On the way to what would have been one of the most inspiring wins of a poor season, the Toronto Raptors found out why the Oklahoma City Thunder is a title contender.
Up by as many as 23 points on the road against the Shai Gilgeous-Alexander-led powerhouse, the Raptors instead gave up one open three-pointer after another and saw the lead completely evaporate. The visitors still had plenty of chances, though, with the game going to double overtime, but couldn’t pull up the upset. Oklahoma City escaped with a 135-127 win to keep up with Minnesota atop the Western Conference. Toronto lost for the 11th time in 13 games.
Gilgeous-Alexander finished with 23 points, 14 assists and nine rebounds, four other Thunder players scored at least 20, and the team hoisted up nearly twice as many three-pointers as the Raptors, which negated a big Toronto free throw advantage.
RJ Barrett led Toronto with 23, but rimmed out a three-pointer with 0.4 seconds left in regulation. Scottie Barnes and Dennis Schroder added 19 each.
The final 1:09 of regulation was wild. Immanuel Quickley scored a layup to put the Raptors up by two points, but after three straight misses, two by the Thunder, Barrett grabbed a rebound but lost the ball out of bounds, giving the Thunder another chance. Aaron Wiggins capitalized, tying the game with 4.7 seconds left on a layup. Barrett then missed his shot and the game went to overtime.
Gilgeous-Alexander had one of his quieter scoring games, but he’s an MVP front-runner for a reason and did plenty of other things well until stepping up late. Down three with the Raptors seizing some momentum in overtime, the Hamilton native calmly sank a three-pointer with 56.1 seconds left, then stole a pass. He was not even close to finished, though. Gilgeous-Alexander missed a shot on the ensuing chance, but then blocked Gary Trent Jr. at the buzzer to send the game to a second overtime. Gilgeous-Alexander scored or assisted on all of the Thunder’s points in the first overtime. He set up three more three-pointers to finish off the Raptors, all while playing with five fouls.
With Barrett ready to play, Toronto went with its 14th different starting lineup this season. Bruce Brown moved to the bench.
The Raptors got out to a surprising 33-23 lead after the first quarter, thanks to a balanced attack and great work on the boards.
The Thunder closed within four in the second, but then the Raptors started heating up from beyond the arc and went into the break leading by 16 against the stunned hosts.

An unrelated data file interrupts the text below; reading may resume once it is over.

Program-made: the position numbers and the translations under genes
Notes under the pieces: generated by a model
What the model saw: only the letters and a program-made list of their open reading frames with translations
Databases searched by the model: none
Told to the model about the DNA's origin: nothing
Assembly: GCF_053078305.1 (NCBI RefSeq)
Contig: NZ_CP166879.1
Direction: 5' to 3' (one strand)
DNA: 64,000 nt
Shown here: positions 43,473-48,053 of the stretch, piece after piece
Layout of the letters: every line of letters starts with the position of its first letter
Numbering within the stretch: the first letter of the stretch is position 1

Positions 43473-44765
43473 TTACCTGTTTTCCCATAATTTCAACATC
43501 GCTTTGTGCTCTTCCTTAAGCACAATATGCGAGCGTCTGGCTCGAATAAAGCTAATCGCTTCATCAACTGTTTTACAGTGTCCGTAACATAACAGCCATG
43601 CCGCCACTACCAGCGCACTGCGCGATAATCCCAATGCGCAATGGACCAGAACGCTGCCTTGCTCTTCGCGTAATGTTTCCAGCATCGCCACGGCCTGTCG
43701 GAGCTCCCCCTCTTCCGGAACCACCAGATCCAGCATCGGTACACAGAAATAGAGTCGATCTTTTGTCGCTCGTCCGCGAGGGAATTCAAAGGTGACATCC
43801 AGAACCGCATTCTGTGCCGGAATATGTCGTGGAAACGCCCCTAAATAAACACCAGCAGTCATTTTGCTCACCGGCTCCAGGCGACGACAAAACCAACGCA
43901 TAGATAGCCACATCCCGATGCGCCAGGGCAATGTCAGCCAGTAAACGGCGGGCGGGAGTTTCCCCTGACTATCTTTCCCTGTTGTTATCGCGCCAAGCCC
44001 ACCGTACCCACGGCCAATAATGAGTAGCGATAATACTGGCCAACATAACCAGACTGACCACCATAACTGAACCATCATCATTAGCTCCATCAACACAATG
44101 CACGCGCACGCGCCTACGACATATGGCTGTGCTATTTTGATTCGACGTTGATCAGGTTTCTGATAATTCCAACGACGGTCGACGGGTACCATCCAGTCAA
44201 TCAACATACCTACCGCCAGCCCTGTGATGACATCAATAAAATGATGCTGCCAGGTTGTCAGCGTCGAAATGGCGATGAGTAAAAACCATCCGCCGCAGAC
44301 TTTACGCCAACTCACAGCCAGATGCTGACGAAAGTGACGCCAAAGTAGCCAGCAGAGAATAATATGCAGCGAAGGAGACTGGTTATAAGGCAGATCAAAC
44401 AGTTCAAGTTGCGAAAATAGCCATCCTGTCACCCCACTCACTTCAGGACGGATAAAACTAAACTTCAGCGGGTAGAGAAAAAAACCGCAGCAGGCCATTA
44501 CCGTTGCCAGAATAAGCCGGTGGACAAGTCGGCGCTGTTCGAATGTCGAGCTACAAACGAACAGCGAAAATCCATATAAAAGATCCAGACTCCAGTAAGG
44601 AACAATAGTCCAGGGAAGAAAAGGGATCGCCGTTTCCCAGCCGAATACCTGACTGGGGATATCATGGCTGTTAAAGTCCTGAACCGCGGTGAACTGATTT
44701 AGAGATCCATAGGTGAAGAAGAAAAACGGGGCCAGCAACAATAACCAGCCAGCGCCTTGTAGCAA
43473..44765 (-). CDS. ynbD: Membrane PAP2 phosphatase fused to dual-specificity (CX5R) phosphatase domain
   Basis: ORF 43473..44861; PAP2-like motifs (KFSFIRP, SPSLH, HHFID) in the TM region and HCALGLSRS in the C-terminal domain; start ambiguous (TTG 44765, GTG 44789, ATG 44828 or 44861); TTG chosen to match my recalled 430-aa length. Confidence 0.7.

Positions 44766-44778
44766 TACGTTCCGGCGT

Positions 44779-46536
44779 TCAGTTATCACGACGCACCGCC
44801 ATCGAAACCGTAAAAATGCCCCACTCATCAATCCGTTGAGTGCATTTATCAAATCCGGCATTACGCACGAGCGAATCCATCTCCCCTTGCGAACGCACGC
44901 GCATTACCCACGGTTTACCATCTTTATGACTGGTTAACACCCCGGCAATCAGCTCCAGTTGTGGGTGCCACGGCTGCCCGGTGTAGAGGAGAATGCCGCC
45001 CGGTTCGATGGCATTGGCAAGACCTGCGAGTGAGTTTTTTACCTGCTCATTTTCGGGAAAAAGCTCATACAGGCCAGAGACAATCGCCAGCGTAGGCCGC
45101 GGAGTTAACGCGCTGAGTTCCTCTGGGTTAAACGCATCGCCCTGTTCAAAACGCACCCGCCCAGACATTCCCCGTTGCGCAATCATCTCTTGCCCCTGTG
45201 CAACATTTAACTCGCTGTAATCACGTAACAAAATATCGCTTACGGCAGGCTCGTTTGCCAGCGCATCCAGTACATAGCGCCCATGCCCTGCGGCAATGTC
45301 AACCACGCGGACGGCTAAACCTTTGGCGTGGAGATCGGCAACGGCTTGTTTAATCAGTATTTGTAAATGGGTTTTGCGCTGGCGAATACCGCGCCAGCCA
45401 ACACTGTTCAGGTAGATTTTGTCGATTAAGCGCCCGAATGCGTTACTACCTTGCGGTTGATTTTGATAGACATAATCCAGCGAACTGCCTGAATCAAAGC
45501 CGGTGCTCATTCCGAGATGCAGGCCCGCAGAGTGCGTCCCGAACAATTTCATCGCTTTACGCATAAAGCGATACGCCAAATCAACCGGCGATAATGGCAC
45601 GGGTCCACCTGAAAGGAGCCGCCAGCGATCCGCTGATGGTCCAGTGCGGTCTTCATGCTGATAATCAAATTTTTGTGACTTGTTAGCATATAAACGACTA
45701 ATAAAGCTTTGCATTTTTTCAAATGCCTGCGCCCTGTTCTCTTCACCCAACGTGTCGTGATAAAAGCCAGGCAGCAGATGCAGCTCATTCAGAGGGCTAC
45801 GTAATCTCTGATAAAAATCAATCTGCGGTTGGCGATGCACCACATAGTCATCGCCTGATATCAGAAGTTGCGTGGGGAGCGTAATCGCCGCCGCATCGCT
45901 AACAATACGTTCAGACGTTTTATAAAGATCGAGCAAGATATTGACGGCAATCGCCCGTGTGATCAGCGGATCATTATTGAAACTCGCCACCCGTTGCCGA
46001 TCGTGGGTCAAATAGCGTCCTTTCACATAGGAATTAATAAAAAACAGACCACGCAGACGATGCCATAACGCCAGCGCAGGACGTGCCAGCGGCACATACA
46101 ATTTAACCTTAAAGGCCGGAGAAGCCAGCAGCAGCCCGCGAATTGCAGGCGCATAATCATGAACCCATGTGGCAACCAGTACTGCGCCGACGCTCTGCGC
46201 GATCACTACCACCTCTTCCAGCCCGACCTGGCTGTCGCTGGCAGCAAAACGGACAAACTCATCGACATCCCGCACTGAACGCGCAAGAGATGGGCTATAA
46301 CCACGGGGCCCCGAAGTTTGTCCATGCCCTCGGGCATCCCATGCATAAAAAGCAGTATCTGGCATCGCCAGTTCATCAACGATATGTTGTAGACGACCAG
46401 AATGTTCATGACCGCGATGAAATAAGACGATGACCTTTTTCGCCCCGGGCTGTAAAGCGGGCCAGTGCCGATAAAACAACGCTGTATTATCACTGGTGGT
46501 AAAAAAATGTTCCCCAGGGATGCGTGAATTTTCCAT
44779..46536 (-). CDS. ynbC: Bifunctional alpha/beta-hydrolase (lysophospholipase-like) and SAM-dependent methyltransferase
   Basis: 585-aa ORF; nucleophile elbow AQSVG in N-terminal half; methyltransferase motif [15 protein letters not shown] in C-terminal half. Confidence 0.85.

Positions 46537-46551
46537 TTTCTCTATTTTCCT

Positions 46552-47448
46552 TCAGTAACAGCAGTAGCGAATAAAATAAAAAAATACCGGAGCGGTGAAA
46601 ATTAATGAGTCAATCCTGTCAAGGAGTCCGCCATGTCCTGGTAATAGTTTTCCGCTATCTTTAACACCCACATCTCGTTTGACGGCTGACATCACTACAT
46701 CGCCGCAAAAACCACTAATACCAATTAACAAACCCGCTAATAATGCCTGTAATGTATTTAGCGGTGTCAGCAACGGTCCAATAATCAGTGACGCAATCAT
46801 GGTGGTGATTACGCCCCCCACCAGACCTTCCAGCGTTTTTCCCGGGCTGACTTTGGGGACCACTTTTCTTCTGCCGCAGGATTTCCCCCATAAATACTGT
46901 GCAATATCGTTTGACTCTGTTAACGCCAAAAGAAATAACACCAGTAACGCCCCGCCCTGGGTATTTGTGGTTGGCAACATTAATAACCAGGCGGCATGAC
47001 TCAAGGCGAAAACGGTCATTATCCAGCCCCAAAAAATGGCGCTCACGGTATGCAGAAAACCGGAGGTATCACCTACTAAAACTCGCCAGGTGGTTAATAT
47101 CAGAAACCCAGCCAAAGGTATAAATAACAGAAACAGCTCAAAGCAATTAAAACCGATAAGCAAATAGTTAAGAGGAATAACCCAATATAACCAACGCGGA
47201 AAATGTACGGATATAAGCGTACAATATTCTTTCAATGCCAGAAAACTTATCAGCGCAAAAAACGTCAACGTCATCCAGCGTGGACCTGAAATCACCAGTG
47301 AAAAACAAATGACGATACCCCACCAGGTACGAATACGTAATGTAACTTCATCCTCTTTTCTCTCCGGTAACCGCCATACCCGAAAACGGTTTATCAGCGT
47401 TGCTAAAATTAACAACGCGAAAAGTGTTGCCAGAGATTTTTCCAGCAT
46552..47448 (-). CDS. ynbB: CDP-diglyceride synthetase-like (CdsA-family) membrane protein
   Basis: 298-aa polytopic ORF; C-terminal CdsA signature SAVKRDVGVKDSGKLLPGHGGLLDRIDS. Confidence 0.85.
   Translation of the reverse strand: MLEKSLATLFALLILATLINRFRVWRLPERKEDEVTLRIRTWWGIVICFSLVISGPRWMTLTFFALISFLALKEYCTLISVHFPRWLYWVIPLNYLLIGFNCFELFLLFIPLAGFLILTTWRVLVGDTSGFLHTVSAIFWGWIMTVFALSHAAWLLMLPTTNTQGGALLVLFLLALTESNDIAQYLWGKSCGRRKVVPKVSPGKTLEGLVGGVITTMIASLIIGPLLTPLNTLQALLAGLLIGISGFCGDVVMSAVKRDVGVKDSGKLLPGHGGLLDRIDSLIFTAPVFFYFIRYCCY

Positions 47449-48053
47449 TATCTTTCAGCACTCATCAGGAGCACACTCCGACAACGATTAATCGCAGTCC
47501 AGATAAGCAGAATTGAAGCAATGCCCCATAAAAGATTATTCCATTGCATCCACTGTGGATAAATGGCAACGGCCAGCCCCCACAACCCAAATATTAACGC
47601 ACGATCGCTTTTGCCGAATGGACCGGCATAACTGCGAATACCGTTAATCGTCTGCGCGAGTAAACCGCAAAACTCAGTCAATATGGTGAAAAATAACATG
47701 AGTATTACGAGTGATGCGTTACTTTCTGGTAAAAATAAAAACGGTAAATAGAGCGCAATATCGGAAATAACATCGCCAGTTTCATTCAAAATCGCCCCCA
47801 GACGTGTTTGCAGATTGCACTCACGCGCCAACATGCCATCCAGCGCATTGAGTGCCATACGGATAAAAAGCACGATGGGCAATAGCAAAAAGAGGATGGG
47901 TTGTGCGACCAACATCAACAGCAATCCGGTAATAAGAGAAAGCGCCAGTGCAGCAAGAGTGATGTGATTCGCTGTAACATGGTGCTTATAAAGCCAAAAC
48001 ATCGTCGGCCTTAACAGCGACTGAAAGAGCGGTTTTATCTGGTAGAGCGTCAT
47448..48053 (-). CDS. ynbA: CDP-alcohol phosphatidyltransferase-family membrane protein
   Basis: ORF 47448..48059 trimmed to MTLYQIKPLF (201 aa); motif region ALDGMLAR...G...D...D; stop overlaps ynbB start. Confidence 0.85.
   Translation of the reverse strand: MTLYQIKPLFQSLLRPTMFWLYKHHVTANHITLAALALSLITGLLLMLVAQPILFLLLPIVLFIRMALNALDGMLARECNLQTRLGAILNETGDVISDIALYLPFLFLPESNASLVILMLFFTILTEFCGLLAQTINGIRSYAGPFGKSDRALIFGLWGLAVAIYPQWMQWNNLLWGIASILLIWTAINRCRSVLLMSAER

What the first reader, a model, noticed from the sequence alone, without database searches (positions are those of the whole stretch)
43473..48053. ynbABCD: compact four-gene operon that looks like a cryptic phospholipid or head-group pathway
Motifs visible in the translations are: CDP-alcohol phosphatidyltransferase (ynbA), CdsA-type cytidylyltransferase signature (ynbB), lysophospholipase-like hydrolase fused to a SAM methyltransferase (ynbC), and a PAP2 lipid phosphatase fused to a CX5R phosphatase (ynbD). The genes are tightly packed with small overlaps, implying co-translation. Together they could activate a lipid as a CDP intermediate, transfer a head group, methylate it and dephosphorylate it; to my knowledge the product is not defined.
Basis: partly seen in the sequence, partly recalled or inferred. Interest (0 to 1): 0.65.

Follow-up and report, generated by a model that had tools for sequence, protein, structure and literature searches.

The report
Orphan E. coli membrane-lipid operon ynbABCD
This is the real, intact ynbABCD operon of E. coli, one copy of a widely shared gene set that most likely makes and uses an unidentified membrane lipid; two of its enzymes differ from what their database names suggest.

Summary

It got even stranger. Toronto extended the lead to 23 points when Barnes hit a three-pointer near the midway mark of the third quarter, but the Thunder finally woke up after that point and got back into the game. Outside shooting was the main reason why, as Oklahoma City made five of the next six three-pointers in the game to pull within six points entering the fourth.
Rookie centre Chet Holmgren was a problem for the Raptors, especially in the fourth, when he showed off his offensive game with a three-pointer and a dunk early on.
The Thunder had not led since it was 8-6, but Montreal’s Lu Dort changed that by putting all kinds of pressure on the Raptors. The defensive stopper hit a three-pointer, found Josh Giddey for a layup to tie the game, forcing the Raptors to call a timeout and then hit a go-ahead layup after grabbing a rebound following a Toronto miss. The Thunder’s Canadian combination has been great for the team all year and this time Dort stepped up while Gilgeous-Alexander was on the bench resting. Not exactly good news for a Toronto team that had done so well to build up a big lead earlier.
Sure enough, once Gilgeous-Alexander checked back in he went into facilitator mode, setting up a number of Thunder buckets as he approached a triple-double.
Toronto was coming off one of its most dispiriting losses of the season, a blowout at the hands of the Houston Rockets but rallied well. Still, the team will now have to play in New Orleans without much rest on Monday night.